'Bleed for This' dramatizes Vinny Pazienza's fights in and out of the ring
By Diane Carson
Early in writer/director Ben Younger's Bleed for This, world lightweight boxing champion Vinny Pazienza suffers a humiliating defeat in his 1988 junior welterweight bout against world champion Roger Mayweather. With his reaction to that loss, including the difficulty of making weight, Vinny reassesses his prospects and, in sometimes humorous consultations among his team, redefines himself.
Based on Vinny Pazienza's real experiences, that unexpected and unprecedented reevaluation is the heart and soul of Bleed for This, a good boxing film peppered with noteworthy bouts and a strong location presence for this Rhode Island native. A winning fighter in three different weight classes (lightweight, light middleweight, and super-middleweight), Vinny improbably ends up fighting Roberto Duran in the super-middleweight championship match. But as visceral as the boxing is, it doesn't dominate the action. That centers on the intense psychological battle Vinny wages against his physical limitations after a catastrophic automobile accident left him with serious spinal injuries and a broken neck. His medical prognosis is that he may never walk again, much less box, and watching Vinny move with his four-pronged "Halo" headgear puts the real fight into another arena, one that invites heartfelt empathy for injured individuals in all walks of life.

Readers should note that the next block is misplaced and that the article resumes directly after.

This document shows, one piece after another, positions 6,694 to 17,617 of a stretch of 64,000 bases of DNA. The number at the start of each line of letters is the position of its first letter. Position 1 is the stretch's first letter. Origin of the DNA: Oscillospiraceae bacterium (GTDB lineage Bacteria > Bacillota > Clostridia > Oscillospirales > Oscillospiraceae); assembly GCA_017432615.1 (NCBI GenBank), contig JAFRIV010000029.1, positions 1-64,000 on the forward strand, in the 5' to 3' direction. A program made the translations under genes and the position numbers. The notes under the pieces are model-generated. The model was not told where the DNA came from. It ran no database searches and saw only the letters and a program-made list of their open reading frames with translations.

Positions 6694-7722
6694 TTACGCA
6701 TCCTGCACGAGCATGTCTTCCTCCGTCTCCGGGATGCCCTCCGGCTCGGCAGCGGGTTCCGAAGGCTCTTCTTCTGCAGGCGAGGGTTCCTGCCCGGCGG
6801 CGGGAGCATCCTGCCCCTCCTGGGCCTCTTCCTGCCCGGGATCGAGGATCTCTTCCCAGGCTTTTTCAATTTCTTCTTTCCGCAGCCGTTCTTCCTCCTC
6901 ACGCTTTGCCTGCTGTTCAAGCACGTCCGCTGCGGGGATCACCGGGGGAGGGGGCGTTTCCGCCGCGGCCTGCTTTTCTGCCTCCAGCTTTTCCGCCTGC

As in his film Boiler Room, director Ben Younger shows a rare ability to fold a wealth of details into a character-driven story. In that regard, Miles Teller made a strong impression with Whiplash, and he again conveys a charismatic, muscular intensity as Vinny. Equal on every level and a real standout is Aaron Eckhart as Kevin Rooney, Vinny's alcoholic trainer and confidant. Eckhart grapples with his own demons right alongside Vinny, and their pas-de-deux is a marvel of graceful and ferocious nuances. As Vinny's parents, Katey Sagal and Ciarán Hinds bring an authentic working-class attitude, as does Ted Levine as the manager.
Paz's painful, uphill comeback battle defines his character and lends unusual insight into obsession and, not incidentally, the needed desire to achieve what seem impossible goals. "Bleed for This" is a boxing movie that isn't just for boxing fans. At several area cinemas, check the listings.